I've got one word for you. One word.
Not the marine type of aquaculture with floating cages that breed diseases for wild inhabitants. Rather, the land based fish farms that can help to meet the demand for fish, and the need for healthy food, while relieving pressure on wild fish populations.
I've recently been on a kick of finding the relatively small things that can have a big impact on social mobility, and agricultural policy is one of those things. If we're reinventing our economies and looking toward the core principles of Making Things...food production is a critical cornerstone. Why are regions in urban decline reaching toward urban farming? Because it's a fundamental building block of a healthy society and economy.
It also all fits into the whole eat local, buy local, produce local thing.
Now, back to aquaculture. The Michigan agricultural director has recently cited aquaculture as an important means to diversify the state's economy, and grow a little known but very important state industry: agriculture. In many states, including the state of Michigan, moving in to this industry takes only a few minor tweaks to the regulatory framework.
Say, did you know Michigan ranks 2nd in diversity of crops, and leads the nation in the production of all sorts of crops from black beans to tart cherries?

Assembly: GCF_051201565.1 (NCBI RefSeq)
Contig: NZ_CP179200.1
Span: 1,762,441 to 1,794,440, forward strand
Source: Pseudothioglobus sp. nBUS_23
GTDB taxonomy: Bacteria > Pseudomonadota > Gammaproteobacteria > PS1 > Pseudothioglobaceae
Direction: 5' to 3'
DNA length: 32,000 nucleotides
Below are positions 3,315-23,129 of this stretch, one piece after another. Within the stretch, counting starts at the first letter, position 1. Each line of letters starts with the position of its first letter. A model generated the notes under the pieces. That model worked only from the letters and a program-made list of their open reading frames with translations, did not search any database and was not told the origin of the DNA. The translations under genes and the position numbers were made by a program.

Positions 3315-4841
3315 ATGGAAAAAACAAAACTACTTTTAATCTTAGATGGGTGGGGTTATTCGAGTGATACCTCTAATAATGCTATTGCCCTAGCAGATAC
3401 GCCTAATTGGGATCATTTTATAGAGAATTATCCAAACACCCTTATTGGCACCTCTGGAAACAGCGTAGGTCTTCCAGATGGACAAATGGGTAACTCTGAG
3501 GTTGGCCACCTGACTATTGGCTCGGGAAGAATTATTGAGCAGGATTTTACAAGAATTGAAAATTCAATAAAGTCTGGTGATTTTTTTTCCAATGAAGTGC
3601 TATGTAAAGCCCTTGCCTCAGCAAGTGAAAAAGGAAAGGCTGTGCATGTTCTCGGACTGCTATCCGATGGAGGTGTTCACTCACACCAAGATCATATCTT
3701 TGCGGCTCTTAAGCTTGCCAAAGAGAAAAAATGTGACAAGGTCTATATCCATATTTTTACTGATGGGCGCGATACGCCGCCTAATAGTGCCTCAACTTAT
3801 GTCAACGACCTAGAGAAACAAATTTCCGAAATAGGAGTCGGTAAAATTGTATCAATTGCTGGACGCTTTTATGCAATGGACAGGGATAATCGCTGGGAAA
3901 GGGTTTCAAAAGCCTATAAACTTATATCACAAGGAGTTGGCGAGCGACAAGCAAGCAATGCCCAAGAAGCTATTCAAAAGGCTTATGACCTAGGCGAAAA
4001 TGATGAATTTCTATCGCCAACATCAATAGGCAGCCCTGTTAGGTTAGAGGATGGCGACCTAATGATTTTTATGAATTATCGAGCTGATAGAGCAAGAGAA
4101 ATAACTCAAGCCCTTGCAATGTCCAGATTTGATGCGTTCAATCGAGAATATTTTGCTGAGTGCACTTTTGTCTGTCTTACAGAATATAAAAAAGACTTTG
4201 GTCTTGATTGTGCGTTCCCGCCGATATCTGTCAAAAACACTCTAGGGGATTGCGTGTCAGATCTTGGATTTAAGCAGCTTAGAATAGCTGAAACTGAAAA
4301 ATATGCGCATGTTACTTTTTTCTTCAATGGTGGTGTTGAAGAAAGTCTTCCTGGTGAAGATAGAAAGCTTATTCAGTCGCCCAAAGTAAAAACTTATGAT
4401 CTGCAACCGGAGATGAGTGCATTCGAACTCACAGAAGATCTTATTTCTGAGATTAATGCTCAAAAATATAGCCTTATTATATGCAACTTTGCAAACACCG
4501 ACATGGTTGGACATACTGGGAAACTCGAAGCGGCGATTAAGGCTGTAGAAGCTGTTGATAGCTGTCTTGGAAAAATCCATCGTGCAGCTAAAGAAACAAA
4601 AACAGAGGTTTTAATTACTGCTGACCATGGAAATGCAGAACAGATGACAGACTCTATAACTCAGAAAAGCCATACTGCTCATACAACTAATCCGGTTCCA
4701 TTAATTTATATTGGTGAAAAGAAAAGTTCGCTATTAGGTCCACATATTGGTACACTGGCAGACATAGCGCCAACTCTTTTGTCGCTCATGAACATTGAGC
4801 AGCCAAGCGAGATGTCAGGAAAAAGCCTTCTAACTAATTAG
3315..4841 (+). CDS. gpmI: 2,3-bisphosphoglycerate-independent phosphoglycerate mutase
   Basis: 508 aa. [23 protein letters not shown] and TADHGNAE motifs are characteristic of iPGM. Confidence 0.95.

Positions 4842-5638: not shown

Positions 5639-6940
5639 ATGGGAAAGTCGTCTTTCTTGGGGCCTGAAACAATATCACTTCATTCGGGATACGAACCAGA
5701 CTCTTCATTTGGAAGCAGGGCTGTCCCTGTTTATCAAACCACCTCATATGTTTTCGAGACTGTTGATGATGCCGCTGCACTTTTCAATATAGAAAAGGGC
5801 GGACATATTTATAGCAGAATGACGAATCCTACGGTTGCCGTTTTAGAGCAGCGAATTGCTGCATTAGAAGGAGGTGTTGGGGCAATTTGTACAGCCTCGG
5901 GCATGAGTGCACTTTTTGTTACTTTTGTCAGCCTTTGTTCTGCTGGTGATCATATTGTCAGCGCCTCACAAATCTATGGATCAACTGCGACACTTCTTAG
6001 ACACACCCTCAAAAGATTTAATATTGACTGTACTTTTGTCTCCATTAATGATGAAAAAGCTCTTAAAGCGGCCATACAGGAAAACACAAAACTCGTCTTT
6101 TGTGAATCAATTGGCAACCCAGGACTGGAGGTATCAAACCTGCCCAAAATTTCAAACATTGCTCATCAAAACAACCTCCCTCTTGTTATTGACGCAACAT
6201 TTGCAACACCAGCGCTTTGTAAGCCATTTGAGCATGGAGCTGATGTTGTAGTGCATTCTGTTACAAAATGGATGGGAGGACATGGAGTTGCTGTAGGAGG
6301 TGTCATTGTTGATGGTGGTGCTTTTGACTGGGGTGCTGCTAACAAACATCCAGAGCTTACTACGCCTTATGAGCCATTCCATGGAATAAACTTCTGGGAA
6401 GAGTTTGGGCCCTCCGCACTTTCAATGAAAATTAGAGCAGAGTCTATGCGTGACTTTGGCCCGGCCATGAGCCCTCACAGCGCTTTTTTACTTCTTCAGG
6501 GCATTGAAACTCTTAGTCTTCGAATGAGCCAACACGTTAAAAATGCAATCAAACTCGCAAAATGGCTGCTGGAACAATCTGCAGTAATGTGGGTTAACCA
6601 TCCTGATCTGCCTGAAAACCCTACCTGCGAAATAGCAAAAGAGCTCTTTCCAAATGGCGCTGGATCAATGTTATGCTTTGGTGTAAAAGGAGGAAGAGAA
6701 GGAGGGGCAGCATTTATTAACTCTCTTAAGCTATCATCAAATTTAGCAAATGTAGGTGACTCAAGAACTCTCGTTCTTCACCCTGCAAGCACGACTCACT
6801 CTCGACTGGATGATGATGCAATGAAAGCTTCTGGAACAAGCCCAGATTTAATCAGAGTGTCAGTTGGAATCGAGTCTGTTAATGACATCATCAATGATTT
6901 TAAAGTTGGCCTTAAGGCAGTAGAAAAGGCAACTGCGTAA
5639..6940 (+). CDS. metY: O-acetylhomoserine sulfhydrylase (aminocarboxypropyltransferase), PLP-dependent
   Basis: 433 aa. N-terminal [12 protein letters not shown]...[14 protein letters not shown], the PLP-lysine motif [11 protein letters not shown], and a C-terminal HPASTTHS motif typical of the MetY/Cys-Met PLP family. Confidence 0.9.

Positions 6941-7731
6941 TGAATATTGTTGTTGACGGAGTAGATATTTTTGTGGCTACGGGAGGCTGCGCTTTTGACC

We do! We're an agricultural state. With lots of water. So of course there's a growing interest in farming fish and other marine foods here.
Let met talk a little bit about lake perch.
Lake perch is $14.99 a pound here in Muskegon if you buy it fresh at a store. That's a little strange since people fish for it here. Drop a line into the water for half a second, you'll catch a bluegill. Go ice fishing, you'll catch lake perch. Yet, it's crazy expensive stuff to buy, and the stuff they sell at the store is from Canada. Not because it's bad to eat here. To the contrary, some (not all) local restaurants sell locally caught lake perch.
See...the Canadian stuff is farmed, and can reliably meet demand...and folks here in Muskegon can't seem to get enough of it. Every local restaurant in town has its own fried lake perch sandwich. Whitlows has some of the best, but Handsome Henry's has a pretty fantastic one.
Now...one would think that a place so perch crazy would farm the stuff here. But we really don't. Instead a favorite local food is subject to a constant assault of competing invasive species, and the fish seem to get smaller every year. So to meet demand...we import some of it. It travels hundreds of miles to our plates. Something we could very well do right here
Aquaculture is the confluence of many things that strike my interest: a local food source that reduces the need for transportation, a new industry for a limping economic region, and a sustainable industry that conserves existing ecosystems.